A Short Note on the Use of Game Theory in Analyses of International Relations

Iran’s nuclear research program generates global suspicion and concern. We read news about the possibility of an Israeli or a U.S. attack upon Iranian nuclear facilities. The general idea is that if Iran continues its research, and, say, an Israeli attack occurs, Iran can retaliate. Thus, any potential attacker has to foresee the consequences of its action against Iran. Iran then has to assess the magnitude of costs that deter a potential attacker. Yet, the attacker can guess that Iran has strong incentives to misrepresent its incentives in its will and ability to retaliate. Iran can in turn try to guess whether the attacker takes its stand about retaliation seriously.

We can qualify the above interaction as constituting a game, that is, a situation of strategic interdependence. Each decision maker acts in function of actions the other (or others) can take. The best choices of Iran and the attacker depend on their forecasts of each other’s behavior. An Iranian decision shapes gains an attacker obtains and costs an attacker suffers and the attacker’s decision in turn shapes Iranian decision to retaliate or not.

Game theory, also known as interactive decision theory, studies the behavior of decision makers in situations of strategic interdependence. Its founders are John Von Neumann and Oskar Morgenstern who published the book The Theory of Games and Economic Behavior in 1944. The relevance of the theory for international relations (IR) goes undisputed; it is a truism to assert that states interact by trying to predict other states’ reactions to their decisions. Yet one has to apply the theory to IR, because the tool of game theory cannot produce by itself insight about IR.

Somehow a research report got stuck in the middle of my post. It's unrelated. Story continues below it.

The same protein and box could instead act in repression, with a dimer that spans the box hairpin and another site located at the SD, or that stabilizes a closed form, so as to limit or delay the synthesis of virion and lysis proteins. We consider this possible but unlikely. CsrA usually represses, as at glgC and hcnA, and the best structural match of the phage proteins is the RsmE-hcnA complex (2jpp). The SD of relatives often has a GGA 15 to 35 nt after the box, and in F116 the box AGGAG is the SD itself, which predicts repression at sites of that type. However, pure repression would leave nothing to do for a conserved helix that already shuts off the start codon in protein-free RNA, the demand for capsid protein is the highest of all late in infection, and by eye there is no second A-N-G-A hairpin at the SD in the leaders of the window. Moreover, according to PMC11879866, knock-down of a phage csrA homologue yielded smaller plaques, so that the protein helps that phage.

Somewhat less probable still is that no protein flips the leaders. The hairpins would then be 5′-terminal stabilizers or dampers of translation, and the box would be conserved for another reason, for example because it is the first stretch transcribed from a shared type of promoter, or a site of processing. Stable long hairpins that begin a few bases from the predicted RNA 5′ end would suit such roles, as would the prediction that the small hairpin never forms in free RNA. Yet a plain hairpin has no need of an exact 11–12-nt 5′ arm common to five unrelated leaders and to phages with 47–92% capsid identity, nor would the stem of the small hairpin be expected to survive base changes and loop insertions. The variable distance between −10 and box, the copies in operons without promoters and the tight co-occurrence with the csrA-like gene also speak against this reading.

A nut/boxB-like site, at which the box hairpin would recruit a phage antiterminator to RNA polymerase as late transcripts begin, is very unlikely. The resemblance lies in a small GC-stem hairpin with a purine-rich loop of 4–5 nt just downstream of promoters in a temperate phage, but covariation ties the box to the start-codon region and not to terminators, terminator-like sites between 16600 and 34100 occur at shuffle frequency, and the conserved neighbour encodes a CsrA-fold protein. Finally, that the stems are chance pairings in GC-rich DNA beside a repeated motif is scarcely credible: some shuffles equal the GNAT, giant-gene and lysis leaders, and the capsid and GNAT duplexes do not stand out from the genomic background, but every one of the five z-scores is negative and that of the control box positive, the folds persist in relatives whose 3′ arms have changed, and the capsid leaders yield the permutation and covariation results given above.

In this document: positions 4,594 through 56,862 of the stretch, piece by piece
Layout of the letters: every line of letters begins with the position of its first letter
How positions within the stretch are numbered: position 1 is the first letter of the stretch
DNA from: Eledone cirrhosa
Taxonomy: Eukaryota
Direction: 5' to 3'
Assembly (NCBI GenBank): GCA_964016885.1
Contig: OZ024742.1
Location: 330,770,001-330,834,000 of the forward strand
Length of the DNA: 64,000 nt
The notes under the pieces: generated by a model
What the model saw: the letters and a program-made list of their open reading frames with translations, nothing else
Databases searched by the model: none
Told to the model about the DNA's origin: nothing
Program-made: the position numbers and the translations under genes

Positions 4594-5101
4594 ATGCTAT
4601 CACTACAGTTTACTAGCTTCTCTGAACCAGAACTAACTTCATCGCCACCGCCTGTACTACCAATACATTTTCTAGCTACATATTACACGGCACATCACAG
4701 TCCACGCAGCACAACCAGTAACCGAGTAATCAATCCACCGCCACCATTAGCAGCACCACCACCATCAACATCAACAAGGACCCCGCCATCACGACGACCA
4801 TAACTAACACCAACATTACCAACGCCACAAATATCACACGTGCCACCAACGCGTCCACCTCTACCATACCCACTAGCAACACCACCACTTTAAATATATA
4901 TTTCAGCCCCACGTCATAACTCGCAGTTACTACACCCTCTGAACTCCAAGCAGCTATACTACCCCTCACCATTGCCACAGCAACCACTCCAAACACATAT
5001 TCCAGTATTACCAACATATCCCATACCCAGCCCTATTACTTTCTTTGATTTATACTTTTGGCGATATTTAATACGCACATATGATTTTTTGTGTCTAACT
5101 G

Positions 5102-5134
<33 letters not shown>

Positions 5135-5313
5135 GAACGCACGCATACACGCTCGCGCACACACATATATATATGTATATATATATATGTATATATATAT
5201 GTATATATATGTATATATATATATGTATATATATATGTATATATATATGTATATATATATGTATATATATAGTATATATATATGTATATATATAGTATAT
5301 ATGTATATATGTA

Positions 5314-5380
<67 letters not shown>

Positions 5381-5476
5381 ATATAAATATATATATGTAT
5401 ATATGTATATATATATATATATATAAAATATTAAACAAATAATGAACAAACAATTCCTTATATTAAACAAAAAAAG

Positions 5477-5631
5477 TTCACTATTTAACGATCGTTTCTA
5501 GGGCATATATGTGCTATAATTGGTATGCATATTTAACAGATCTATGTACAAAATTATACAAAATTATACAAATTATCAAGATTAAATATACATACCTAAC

Game-theory applications to IR take the form of models, that is, the simplification and stylization of states’ interactions. The three levels of game theory are of help here. The levels are extensive, strategic, and coalitional forms. In an extensive-form model, the analyst thinks in terms of states presented as players, actions available to players, sequences of players’ actions, players’ information conditions and preferences, and, finally, outcomes of interactions. In a game at the strategic level, there are nothing but players, players’ strategies and preferences over outcomes. The coalitional form is the most abstract level analysis: coalitions of players and the values of these coalitions. The majority of IR game models are pitched at the first two levels, as the last level of analysis assumes that cooperation between players is binding. Yet if a state cooperates, it must do so only because of self-interest; not because of a higher authority above states enforcing cooperative agreements. At least, there is no supreme authority over sovereign and co-existing states.